Ireland torn as new tax faces boycott

THE Irish government is facing a mass revolt as more than half of homeowners – already faced with job losses and savage cuts in wages and living standards – refuse to pay a new tax which comes into force at midnight.

Just over a third of those liable for the charge had registered to pay by yesterday, showing just how far reaching the unexpected wave of protest is.

Barring an unlikely late surge in payments, the Irish coalition faces the embarrassing prospect of more than 50 per cent of all homeowners boycotting the levy and some in Ireland are already likening the charge to Margaret Thatcher’s ill-fated Poll Tax, thought to have been her and the Conservative party’s undoing in the UK. Every homeowner in Ireland is liable to pay the tax once a year, with landlords to pay the charge on rented properties. The flat rate of €100 (£84) is temporary – a new tax based on site value is due to be introduced next year.

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It was introduced after the collapse of the Irish economy and the €85bn European Union-International Monetary Fund bailout and will become the first tax on domestic property since rates were scrapped in Ireland in 1997.

Speaking to the Dail – Ireland’s parliament – on Thursday, minister for public expenditure and reform Brendan Howlin called on all homeowners to pay up.

“This is part of the survival strategy,” he said. Mr Howlin earlier described the charge, which was expected to raise around €160bn, as “a fair and just imposition on the people”.

Cathy Comerford, a self-employed mother of one from Carlow, south-west of Dublin, has seen her income fall by more than a quarter since 2008. She said the charge was “inequitable” and “not looking at people’s ability to pay”.

“It’s a totally unfair tax and the straw that broke the camel’s back. We’re saying No, we won’t pay.”

Many politicians on Ireland’s opposition benches support the campaign against the charge. The United Left Alliance, which has five seats in the Dail, has called for a boycott. Having sat on the sidelines until last week, Sinn Fein are also supporting the boycott.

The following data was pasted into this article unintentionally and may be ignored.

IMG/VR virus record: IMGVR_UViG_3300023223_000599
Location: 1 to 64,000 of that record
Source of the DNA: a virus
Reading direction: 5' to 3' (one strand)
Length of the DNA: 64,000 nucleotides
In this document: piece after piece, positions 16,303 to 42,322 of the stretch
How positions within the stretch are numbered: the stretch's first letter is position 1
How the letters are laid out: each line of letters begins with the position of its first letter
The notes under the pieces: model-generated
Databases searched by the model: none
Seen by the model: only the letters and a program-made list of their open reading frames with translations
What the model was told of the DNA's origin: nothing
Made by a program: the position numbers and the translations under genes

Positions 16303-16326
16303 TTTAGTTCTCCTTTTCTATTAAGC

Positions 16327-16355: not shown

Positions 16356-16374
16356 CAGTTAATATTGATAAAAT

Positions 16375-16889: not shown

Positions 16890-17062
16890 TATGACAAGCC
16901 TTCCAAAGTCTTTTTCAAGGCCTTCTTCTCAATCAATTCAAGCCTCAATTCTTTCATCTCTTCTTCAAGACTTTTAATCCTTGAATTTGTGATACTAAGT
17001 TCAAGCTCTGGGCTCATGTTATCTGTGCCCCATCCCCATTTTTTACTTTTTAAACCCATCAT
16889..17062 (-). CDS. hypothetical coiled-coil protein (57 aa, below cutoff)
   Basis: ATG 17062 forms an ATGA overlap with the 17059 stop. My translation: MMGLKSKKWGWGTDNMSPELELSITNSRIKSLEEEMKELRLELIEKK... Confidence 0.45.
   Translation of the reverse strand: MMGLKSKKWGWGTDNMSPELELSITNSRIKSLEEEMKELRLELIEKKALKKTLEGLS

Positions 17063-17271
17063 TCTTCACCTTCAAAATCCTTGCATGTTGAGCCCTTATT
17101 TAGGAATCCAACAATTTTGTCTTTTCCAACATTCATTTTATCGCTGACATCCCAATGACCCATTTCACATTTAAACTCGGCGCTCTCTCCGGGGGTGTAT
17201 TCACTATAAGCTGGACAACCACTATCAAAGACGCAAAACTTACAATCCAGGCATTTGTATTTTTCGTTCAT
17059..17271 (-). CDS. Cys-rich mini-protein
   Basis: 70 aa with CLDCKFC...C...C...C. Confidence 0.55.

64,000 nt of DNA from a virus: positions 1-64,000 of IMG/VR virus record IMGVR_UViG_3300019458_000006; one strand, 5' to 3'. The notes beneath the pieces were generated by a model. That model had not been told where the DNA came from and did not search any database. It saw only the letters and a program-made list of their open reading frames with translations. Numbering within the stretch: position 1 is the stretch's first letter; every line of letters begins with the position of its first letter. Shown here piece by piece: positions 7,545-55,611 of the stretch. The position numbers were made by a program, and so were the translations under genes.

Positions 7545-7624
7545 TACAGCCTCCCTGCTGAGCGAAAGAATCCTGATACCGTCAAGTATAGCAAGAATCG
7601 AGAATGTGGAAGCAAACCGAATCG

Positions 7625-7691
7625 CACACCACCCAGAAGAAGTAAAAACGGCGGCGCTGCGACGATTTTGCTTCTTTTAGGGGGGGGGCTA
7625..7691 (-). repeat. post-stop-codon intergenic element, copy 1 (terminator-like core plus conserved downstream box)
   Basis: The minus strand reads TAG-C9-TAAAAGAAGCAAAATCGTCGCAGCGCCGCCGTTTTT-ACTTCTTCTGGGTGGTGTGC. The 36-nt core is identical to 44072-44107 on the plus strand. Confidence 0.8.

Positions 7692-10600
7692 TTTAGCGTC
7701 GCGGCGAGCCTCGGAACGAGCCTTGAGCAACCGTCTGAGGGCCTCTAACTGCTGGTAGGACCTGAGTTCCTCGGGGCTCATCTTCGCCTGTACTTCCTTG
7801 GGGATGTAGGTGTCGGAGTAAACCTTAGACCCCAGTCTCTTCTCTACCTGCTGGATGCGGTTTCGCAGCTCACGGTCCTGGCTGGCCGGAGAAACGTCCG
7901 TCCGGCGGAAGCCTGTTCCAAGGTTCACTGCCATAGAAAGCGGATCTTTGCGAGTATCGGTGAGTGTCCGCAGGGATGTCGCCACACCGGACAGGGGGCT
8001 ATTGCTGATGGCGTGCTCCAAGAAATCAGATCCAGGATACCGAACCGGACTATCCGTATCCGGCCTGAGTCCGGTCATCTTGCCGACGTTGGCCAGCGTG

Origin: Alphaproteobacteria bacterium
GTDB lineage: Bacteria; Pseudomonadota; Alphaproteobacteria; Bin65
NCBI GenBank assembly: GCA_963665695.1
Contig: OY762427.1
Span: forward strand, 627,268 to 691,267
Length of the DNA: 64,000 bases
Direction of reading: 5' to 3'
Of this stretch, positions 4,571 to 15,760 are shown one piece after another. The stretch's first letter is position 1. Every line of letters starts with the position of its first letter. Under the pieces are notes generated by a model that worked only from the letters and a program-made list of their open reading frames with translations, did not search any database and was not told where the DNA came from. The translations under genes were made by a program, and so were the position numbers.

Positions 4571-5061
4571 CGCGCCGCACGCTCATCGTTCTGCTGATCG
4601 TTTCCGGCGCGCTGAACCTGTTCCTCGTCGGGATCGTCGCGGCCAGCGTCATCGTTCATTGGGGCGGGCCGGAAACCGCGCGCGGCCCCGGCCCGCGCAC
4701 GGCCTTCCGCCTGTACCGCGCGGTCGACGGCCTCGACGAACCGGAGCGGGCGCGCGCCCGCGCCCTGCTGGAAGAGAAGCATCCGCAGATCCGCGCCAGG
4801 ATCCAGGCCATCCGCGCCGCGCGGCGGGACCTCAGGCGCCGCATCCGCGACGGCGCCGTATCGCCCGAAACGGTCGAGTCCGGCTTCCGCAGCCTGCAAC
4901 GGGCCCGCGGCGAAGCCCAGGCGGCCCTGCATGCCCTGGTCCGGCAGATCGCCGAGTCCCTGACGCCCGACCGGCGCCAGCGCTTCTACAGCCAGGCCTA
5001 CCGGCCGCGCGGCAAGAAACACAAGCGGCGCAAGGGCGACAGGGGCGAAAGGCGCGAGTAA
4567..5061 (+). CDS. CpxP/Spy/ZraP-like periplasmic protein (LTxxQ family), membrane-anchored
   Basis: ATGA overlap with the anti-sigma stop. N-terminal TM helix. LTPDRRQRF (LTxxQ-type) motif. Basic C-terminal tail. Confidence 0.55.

Independent Roscommon/South Leitrim TD Luke Flanagan has led a series of public meetings opposing the charge.

“Young people are turning up which you rarely see at a public meeting, along with the very old, but so too are people with wealth dripping off them,” he said.

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“It seems to be less about the ability to pay and more about putting down a marker to say to this government, go out to Europe and fight that bit harder and get a massive amount of debt that is not ours taken away from us.”

The deadline for the household charge coincides with the due date for a €3.06bn payment to the European Central Bank for the bailout bill on two failed financial institutions, Anglo Irish Bank and Irish Nationwide. The repayment is being covered by the issuing of a long-term government bond that is being swapped for cash in a one-year deal with Bank of Ireland.

“This [payment to the ECB] cannot be separated from the household charge,” says economic historian Conor McCabe. “The government are saying [the charge] is to pay for social services but people know exactly what this charge is for: it’s going directly to the Department of Finance and then on to the ECB.”

Having accepted the punitive €85bn EU/IMF bailout in November 2010 with comparatively little public anger, Mr McCabe noted a new “energy” among the electorate in the wake of the household charge.

“It has really galvanised people. There is a palpable energy around this at the moment,” he said.

Last Saturday, more than 3,000 people attended a rally in central Dublin against the levy. Unlike previous anti-cuts protests, many were taking to the streets for the first time.

David Gillen, a IT professional living in Dublin was scathing in his criticism of Ireland’s political classes.

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“I’m fed up with the government sh**ting on the people. The government seems to be acting with impunity, as if they have won an election so they can do whatever they like now. I’m not happy with it and [boycotting the household charge] is my way of speaking out,” said the father-of-two .

Mr Gillen estimated that three-quarters of his friends and colleagues would not pay the household charge. The Irish government’s attempts to encourage payment have not been helped by a confusing public awareness campaign that led many to believe the charge could only be paid online. The government has since announced postal payments will be accepted for a week after the deadline closes tonight.

However Mr Gillen, and many others, will not be paying anytime soon. “If I hold off payment until September it is going to cost me €16 extra but it’s sending a message to the government that we are fed up with the whole way that we are being treated.”

The household charge is a precursor for a wider property tax that is due to be introduced next year, having been agreed to as part of the bailout deal. At present, Ireland has no property registry and some accuse the Irish government of using the household charge as a low-cost means to achieve this ahead of a full property tax.